News Release

PHILADELPHIA—The University of Pennsylvania Perelman School of Medicine has received a $2.1M grant from PolyBio Research Foundation to expand long COVID research. The grant, issued via PolyBio’s Long COVID Research Consortium (LCRC), will support studies to characterize mechanisms of SARS-CoV-2 persistence in the gut, including determining the impact of viral reservoirs on gut microbiome ecosystems.

PolyBio support will also expand research examining whether T cell activity and lymph node immune system responses can be used as biosensors or biomarkers of viral persistence in long COVID.

Growing evidence suggests the SARS-CoV-2 virus may not fully clear from long COVID patients after initial infection. Instead, reservoirs of the virus can persist in patient tissue for months or even years, with recent research finding the SARS-CoV-2 virus in gut tissue of long COVID patients more than 600 days after infection.

“The gut appears to be a primary site of SARS-CoV-2 reservoirs in at least a subset of long COVID patients. Persistence of the virus in the gut is one of the biggest leads in the space,” said Sara Cherry, PhD, the John W. Eckman Professor of Medical Science in Pathology and Laboratory Medicine, whose team is working via the LCRC to identify combinations of drugs that can eliminate persistent virus in gut tissue models.

“Penn’s research on viral persistence and related immune system biomarkers in long COVID patients has the power to direct investments in treatment and clinical trials, thereby accelerating the path to impact for over 18 million patients suffering from long COVID globally,” said Amy Proal, PhD, president of PolyBio Research Foundation.

Cherry’s team will delve further into defining mechanisms by which SARS-CoV-2 can persist in the gut. This includes tracking viral shedding and mutation in samples collected from non-human primates infected with the virus. The team will also use a mice study to better define the tissues and cell types that produce persistent virus. SARS-CoV-2 sequences, replication patterns, and impact on the gut will also be measured in stool samples provided by long COVID patients. Taken together, these analyses will provide essential information on patient stratification, new biomarkers, and clinical trial candidates.

The new funding will also enable Penn’s Department of Systems Pharmacology & Translational Therapeutics to extend ongoing research on T cell activity in long COVID. Led by E. John Wherry, PhD, the Richard and Barbara Schiffrin President's Distinguished Professor and chair of Systems Pharmacology and Translational Therapeutics, this research expands efforts to determine if CD8 T cells specific for SARS-CoV-2 proteins can be used as blood-based biosensors of viral persistence. “Dr. Wherry is a legend in the field and boasts decades of experience studying the intersection of T cell activity and chronic viral infection,” Proal said. “It is incredible that his laboratory continues to pivot this expertise to long COVID, which could eventually inform immunotherapy treatment for long COVID patients.”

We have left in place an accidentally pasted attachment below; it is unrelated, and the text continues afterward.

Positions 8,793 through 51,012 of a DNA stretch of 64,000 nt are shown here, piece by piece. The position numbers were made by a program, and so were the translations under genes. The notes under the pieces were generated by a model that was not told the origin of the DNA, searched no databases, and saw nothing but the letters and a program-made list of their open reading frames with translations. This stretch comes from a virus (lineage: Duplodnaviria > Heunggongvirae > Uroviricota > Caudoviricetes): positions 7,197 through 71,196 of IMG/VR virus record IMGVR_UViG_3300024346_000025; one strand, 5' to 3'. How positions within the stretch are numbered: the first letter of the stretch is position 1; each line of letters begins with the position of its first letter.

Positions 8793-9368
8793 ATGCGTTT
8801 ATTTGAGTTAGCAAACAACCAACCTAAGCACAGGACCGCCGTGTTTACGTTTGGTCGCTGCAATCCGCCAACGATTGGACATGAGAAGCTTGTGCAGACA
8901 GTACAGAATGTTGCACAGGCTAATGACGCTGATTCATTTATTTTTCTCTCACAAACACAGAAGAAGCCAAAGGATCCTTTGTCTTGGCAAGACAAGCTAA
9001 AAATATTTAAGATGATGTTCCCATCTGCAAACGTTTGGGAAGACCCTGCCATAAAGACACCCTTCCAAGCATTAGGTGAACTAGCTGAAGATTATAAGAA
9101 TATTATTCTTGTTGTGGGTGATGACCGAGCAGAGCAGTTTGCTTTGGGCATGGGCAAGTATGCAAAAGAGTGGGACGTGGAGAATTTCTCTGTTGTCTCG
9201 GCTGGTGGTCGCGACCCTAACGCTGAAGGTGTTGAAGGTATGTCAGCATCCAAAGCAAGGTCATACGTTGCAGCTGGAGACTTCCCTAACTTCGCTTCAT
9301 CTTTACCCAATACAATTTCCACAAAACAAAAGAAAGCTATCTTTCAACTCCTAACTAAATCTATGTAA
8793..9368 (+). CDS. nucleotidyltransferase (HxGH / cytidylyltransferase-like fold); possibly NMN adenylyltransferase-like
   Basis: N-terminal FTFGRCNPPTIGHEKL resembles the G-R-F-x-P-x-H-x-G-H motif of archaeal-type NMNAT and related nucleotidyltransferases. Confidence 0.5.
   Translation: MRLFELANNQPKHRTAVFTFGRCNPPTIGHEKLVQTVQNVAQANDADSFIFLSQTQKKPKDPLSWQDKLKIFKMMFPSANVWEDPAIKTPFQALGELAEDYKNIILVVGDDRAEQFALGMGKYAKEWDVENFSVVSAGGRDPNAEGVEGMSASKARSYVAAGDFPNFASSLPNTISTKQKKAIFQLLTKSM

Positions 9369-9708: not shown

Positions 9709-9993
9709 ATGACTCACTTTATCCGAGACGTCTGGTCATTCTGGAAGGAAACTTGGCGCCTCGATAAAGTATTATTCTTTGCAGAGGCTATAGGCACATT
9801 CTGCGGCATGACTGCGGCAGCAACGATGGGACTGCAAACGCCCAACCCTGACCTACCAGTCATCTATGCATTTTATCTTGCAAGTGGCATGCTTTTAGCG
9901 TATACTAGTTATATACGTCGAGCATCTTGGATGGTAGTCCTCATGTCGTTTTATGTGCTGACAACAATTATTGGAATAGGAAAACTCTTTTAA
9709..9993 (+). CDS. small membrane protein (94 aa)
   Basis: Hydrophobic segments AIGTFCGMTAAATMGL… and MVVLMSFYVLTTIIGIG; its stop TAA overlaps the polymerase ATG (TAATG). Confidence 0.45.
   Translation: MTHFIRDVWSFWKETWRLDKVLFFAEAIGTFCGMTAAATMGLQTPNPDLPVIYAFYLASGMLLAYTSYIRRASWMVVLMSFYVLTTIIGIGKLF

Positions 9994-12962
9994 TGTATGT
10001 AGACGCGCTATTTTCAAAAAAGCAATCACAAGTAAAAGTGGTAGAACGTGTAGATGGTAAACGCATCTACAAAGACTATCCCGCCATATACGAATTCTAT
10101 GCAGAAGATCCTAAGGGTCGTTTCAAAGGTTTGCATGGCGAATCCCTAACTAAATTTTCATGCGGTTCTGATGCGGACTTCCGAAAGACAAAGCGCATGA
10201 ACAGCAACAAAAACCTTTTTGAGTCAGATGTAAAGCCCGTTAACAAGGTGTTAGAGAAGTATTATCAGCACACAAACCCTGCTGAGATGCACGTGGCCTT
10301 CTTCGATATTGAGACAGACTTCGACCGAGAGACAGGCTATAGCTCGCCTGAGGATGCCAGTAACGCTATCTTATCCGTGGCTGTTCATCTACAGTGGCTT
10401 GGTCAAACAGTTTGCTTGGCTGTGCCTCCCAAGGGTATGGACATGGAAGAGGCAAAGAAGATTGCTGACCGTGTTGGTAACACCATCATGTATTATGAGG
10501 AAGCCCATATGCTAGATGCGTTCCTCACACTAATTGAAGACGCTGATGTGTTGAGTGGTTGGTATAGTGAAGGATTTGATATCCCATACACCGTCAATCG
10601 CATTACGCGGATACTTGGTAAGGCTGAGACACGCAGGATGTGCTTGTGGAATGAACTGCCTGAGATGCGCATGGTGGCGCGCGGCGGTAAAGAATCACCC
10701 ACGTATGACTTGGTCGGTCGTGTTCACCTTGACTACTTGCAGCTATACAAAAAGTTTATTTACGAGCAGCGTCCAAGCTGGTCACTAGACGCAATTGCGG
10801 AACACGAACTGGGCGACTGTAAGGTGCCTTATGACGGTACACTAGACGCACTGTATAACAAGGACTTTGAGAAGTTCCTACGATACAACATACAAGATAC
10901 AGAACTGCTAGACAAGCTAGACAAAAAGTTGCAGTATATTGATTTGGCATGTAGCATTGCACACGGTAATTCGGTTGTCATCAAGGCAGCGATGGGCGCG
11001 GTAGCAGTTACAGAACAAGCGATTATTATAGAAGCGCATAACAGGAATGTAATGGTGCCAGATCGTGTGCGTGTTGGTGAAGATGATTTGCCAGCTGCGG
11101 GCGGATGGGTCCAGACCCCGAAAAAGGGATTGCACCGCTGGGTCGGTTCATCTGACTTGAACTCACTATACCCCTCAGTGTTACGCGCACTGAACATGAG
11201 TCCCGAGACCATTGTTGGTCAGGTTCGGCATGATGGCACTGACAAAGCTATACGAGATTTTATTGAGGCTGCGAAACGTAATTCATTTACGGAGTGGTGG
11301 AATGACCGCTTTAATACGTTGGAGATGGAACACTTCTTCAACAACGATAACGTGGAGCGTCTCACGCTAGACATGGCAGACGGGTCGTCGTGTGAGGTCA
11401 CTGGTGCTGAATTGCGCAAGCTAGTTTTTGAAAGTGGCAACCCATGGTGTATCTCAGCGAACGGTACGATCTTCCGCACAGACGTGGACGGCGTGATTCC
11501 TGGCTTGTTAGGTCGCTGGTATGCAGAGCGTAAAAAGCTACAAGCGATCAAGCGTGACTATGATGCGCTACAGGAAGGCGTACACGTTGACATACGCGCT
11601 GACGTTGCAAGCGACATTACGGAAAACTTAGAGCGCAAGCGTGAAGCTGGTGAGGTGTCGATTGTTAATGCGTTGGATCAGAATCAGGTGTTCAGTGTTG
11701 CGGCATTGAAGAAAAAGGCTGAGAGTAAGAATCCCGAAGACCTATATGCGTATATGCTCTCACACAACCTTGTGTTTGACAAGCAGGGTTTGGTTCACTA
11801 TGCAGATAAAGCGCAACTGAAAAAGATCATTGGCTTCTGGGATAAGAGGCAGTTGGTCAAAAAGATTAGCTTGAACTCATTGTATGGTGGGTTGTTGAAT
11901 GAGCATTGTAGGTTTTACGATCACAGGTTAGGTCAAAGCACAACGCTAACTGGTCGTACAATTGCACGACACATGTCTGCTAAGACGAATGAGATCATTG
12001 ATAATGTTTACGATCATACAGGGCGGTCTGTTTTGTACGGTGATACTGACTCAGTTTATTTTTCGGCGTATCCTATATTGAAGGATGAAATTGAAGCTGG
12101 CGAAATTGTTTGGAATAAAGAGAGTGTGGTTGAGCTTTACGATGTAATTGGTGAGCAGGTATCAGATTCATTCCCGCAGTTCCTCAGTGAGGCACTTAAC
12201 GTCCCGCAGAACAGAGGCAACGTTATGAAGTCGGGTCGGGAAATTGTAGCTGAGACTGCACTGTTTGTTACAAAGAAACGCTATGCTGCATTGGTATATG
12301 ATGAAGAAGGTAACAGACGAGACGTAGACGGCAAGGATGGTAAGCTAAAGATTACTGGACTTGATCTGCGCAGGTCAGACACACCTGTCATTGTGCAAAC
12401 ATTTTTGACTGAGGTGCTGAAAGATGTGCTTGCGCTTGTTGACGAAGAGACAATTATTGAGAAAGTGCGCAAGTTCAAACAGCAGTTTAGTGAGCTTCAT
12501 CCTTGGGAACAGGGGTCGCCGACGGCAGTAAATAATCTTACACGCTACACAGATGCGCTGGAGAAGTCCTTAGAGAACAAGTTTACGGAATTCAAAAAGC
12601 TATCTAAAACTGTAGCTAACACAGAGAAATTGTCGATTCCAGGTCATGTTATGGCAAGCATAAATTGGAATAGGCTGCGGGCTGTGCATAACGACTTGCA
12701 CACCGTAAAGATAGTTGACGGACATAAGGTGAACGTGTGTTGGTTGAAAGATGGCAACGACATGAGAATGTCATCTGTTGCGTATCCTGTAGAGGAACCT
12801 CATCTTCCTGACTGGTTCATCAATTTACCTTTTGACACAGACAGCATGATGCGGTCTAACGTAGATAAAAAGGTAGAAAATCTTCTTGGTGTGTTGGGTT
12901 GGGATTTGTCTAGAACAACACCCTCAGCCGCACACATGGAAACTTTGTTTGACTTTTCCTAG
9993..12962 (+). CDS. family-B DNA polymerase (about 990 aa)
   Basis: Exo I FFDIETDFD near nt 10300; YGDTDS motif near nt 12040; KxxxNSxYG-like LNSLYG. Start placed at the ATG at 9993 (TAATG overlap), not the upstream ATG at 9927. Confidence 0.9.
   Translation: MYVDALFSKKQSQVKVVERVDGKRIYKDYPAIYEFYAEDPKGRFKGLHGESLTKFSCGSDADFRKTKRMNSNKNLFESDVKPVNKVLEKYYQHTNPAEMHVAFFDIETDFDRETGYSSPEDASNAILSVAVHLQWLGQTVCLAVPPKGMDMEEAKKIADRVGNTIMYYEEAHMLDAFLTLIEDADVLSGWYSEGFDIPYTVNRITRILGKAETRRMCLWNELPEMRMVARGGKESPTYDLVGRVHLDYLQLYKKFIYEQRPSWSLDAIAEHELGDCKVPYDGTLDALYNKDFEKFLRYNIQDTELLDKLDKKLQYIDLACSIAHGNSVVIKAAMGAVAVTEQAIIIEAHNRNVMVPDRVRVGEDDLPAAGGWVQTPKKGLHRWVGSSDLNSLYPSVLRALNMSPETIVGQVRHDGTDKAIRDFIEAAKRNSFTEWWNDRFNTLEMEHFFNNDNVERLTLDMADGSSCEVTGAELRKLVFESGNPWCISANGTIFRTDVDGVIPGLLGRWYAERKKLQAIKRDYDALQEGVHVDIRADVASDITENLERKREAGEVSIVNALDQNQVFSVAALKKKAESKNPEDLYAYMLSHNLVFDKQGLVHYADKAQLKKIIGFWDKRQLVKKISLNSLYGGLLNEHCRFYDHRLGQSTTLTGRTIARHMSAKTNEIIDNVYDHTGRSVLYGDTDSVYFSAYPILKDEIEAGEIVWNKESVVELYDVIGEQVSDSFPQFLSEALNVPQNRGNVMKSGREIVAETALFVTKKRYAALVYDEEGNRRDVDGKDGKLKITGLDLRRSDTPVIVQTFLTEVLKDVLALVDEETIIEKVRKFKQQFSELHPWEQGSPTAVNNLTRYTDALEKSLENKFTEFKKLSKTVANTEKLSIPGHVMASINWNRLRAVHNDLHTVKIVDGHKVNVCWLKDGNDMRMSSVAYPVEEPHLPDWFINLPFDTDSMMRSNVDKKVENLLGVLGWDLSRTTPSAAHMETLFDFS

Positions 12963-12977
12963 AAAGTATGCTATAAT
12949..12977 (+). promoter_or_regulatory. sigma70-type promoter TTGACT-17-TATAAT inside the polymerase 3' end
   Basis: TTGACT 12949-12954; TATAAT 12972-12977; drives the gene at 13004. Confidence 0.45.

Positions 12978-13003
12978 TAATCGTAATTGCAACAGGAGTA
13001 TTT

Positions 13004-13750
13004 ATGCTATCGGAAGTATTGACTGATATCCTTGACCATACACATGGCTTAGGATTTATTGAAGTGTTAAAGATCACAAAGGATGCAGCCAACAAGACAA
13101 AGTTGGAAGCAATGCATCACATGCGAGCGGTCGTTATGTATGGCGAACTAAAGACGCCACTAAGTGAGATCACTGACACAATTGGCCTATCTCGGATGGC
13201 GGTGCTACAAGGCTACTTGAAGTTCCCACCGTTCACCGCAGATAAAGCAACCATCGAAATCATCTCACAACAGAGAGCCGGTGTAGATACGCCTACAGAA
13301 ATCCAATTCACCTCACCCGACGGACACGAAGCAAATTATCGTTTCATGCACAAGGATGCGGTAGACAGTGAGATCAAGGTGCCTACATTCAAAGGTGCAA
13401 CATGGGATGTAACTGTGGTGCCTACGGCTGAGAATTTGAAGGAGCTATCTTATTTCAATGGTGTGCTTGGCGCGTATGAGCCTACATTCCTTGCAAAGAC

A third Penn study aims to determine if long COVID is connected to altered immune responses in lymphoid tissue. Led by Michela Locci, PhD, the research is groundbreaking in its use of a biopsy procedure to collect lymph node tissue from long COVID patients in order to examine the immune response triggered by SARS-CoV-2. New funding will allow the study to expand in size and scope, helping the team create a blueprint of immune features connected to long COVID. Insights from the study have the potential to guide long COVID therapeutics and to inform possible mechanisms of immune dysregulation behind other debilitating chronic conditions.

The research studies led by Wherry and Locci are powered by PolyBio’s research consortium connecting scientists at dozens of institutions, laboratories, and clinics globally. For example, long COVID gut tissue samples analyzed by Dr. Wherry’s laboratory will be provided by LCRC teams at the University of California San Francisco and the Icahn School of Medicine at Mount Sinai. “Close collaboration and sharing of samples among long COVID teams will help us find answers for patients more quickly," Wherry said.


Penn Medicine is one of the world’s leading academic medical centers, dedicated to the related missions of medical education, biomedical research, excellence in patient care, and community service. The organization consists of the University of Pennsylvania Health System and Penn’s Raymond and Ruth Perelman School of Medicine, founded in 1765 as the nation’s first medical school.

The Perelman School of Medicine is consistently among the nation's top recipients of funding from the National Institutes of Health, with $550 million awarded in the 2022 fiscal year. Home to a proud history of “firsts” in medicine, Penn Medicine teams have pioneered discoveries and innovations that have shaped modern medicine, including recent breakthroughs such as CAR T cell therapy for cancer and the mRNA technology used in COVID-19 vaccines.

The University of Pennsylvania Health System’s patient care facilities stretch from the Susquehanna River in Pennsylvania to the New Jersey shore. These include the Hospital of the University of Pennsylvania, Penn Presbyterian Medical Center, Chester County Hospital, Lancaster General Health, Penn Medicine Princeton Health, and Pennsylvania Hospital—the nation’s first hospital, founded in 1751. Additional facilities and enterprises include Good Shepherd Penn Partners, Penn Medicine at Home, Lancaster Behavioral Health Hospital, and Princeton House Behavioral Health, among others.

Penn Medicine is an $11.1 billion enterprise powered by more than 49,000 talented faculty and staff.

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